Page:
We go into granular detail in our best-selling book “You’re NOT the Person I Hired” with the Chapter titled “How to Attract the Bottom Third of the Candidate Pool.” Hopefully, you have a copy of the book. If not, shoot me a connection invite on LinkedIn and I’ll attach as a link to the PDF of the book.
Posting a generic job description on a generic job board is so bad that we have a nickname for it – we call it “Drill Sargent Advertising” because it sounds like a drill instructor in basic training screaming at you: Don’t bother applying unless you have 2 of these skills, and 1 of these experiences
The vast majority of candidates couldn’t care less what is traditionally listed by employers – something that resembles ordering from the fast food line – as in “I’ll take fries and milkshake with that 12 years of experience.” Great candidates want to know in clear language what’s in it for me – what will I learn, how will I matter, and what will I become.
When companies allow traditional job descriptions to masquerade as an effective attraction or marketing tool, you tend to attract the bottom third of the candidate pool. This group is what many of my clients call the “Best of the Worst”, or the “Cream of the Crap”. It’s the 298 candidates out of 300 that are just flinging resumes at you praying you’ll take pity and grant an interview. At best it’s a tactic that resembles “POST and PRAY.”
Sometimes, you get lucky. There is an old adage in the recruiting business that goes something like “Even a Blind Squirrel Can Get a Nut Sometimes”. Unfortunately, building a great team or organization on hope and luck is not a particularly good strategy.
Hiring and Retention Tip #5
Be a magnet to candidates. Draw people to you.
STOP thinking of attracting candidates like your qualifying them first.
START thinking with your marketing hat on of why would someone want to leave their current job and come to work for you in this role? It’s a radical departure from the traditional approach of attracting potential employees.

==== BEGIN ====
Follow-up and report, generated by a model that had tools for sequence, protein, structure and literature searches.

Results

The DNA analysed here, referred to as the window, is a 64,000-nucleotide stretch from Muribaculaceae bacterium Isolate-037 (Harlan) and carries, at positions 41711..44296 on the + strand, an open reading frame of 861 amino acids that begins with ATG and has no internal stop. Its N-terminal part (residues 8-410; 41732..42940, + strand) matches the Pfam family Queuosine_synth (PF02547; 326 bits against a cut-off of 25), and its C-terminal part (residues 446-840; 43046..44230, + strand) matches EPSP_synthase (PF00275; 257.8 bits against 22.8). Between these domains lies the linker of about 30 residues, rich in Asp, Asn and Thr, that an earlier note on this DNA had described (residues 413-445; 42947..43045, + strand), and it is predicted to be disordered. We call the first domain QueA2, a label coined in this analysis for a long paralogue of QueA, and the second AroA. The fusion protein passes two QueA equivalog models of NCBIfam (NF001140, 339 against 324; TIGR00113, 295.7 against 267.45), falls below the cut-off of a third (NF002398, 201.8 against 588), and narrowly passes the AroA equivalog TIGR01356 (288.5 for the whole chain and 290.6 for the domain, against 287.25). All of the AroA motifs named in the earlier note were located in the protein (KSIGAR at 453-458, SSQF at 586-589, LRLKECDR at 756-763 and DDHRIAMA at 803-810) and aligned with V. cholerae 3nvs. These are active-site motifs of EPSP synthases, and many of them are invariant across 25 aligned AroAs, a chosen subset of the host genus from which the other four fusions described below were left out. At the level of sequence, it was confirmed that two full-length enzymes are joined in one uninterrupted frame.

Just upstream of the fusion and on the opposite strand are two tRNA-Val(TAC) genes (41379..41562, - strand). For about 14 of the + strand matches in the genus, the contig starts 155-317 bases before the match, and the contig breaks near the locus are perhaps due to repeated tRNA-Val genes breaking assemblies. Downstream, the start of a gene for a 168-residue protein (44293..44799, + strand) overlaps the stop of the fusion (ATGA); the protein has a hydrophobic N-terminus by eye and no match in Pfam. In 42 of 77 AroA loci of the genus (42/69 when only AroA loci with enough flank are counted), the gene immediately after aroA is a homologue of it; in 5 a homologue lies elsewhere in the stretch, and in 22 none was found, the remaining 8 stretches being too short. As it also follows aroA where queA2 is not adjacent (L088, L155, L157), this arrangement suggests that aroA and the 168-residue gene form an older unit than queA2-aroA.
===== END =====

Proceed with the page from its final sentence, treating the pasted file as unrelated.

Most successful and high performing candidates don’t need your job. They are open to a better opportunity, but they are not out of work, being pushed out of their current company, or desperate for a new job.
These folks want a great opportunity. Studies show that 50-70% of the employees in any company are looking to see at any given time whether the “grass is greener” somewhere else through job boards and networking. These percentages correlate closely with the level of employees who are disengaged and dissatisfied with their company, boss, and whether they matter.
These potential employees are not firing off resume after resume. They are very selective in what they will consider. The question is how do you get them to raise their hand to consider your opportunity?
In my last HOT TIP, I declared that you should STOP using job descriptions as your attraction marketing tool. We’ve discovered over the last 20 years, that great candidates who are open to a better opportunity (50-70% of all employees) will respond to a more compelling marketing statement rather than a job description.
These folks want to know what’s in it for me? They don’t care that your job descriptions have a laundry list of qualifications. They don’t care that your job descriptions read like ordering at your favorite fast food restaurant, as in “I’ll take that with fries and milkshake.”
These folks want to know what will I learn in this job, what impact will I have (will I matter to the company, my teammates, our customers), and what will I become when I pop out of the tunnel after 18-24 months in this role?
If you cannot answer these questions in clear language that’s not ambiguous, generic, fluffy statements, then you stand a good chance of improving the quality of candidates landing on your doorstep through advertising, networking, and referrals.
Hiring and Retention Tip #6
Be bold, outrageous, compelling, seductive, and edgy in your headlines. Put on your creative marketing hat – not your traditional human resources hat – to attract great employees.
Send a message that screams warmth, welcoming with open arms, and desire for you to join us. Put yourself in the candidate’s shoes – why would they want to read about your opportunity based on the headline?